The Great Sphinx of Giza in Egypt is generally believed to be a monument to the Egyptian Pharaoh Khafra. The Egyptians regarded the lion as a god, and the placing of the pharaoh's head on top of a lion's body was meant to suggest that Khafra's nature was also divine.
The Sphinx of Giza is 66 feet high and 240 feet long, making it the largest surviving statue from the ancient world. It is commonly believed to have been built during the reign of Khafra, between 2520 and 2494 B.C.E. Some Egyptologists believe it to be much older, as old as 7000 B.C.E., but this is not the orthodox opinion.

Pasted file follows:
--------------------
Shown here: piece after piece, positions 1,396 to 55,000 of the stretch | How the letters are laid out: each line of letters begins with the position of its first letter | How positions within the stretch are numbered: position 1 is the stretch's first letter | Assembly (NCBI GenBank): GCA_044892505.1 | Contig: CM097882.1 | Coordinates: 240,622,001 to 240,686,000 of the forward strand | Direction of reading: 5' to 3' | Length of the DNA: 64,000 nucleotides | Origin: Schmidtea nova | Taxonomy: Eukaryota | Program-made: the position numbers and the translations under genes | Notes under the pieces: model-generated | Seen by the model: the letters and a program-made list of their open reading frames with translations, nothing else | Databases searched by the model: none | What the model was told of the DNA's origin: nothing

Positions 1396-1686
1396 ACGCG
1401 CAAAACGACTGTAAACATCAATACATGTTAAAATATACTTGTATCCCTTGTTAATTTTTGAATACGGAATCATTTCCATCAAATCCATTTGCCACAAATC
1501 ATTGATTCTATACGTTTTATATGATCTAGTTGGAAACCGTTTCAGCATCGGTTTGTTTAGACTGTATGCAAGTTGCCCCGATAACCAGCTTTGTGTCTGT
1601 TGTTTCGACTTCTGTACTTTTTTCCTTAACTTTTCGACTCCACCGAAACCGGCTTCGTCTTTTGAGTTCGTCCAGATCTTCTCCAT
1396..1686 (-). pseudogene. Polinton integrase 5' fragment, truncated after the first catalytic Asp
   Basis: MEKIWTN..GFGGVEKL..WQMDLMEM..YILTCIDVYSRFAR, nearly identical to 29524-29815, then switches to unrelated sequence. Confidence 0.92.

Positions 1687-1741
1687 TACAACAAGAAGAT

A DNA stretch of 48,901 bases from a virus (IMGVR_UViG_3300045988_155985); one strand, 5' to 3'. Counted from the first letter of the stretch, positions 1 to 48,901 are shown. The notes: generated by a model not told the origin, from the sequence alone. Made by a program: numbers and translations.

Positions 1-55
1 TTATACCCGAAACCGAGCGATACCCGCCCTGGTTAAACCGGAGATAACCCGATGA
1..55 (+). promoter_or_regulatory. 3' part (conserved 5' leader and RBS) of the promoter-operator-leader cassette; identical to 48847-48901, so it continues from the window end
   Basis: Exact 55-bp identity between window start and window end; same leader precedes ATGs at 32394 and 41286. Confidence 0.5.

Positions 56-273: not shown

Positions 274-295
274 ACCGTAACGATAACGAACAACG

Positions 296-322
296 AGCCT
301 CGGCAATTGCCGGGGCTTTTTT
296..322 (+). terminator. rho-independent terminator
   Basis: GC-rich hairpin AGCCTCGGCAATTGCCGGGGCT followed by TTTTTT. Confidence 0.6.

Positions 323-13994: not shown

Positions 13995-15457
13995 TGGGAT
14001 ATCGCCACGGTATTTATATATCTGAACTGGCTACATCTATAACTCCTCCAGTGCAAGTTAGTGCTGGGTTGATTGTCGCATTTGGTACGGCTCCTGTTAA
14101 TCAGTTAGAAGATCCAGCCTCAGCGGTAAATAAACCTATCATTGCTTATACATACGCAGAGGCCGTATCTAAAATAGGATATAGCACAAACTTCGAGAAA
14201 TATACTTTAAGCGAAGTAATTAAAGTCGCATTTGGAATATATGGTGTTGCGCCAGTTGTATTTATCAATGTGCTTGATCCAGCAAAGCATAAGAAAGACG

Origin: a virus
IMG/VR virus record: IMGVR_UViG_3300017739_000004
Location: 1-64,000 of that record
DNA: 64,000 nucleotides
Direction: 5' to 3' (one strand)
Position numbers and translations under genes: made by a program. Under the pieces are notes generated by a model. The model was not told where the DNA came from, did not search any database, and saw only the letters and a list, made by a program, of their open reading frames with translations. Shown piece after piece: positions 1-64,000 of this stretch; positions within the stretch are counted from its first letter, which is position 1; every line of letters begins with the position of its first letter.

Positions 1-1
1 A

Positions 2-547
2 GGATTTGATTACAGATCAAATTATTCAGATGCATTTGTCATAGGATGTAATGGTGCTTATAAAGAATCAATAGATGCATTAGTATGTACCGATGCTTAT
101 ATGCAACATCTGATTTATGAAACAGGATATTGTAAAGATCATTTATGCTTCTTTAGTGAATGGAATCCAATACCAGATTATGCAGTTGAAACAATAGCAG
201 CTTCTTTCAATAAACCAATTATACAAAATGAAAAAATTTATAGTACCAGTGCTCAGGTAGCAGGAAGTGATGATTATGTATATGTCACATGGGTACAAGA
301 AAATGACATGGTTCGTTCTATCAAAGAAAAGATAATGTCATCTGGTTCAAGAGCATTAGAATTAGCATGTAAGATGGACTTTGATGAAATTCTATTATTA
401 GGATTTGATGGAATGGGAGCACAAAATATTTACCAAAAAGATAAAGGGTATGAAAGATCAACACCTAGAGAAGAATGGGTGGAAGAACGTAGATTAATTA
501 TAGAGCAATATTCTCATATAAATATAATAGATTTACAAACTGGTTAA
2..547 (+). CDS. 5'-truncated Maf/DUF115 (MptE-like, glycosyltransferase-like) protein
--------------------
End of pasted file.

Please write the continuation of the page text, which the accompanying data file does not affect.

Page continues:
Contrary to popular legend, there are no hidden passageways or chambers beneath the Great Sphinx. Unlike the nearby pyramids the Great Sphynx is not a burial tomb. It is, however, sometimes thought to be a symbolic guard of Khafra's pyramid, which stands directly behind it.
The lion was an important symbol for the Egyptians. At that time, lions roamed Egypt and surrounding areas. They represented power and kingship and were associated with Ra, the sun god. They were also associated with Aker, the god who guarded the gateway to the underworld.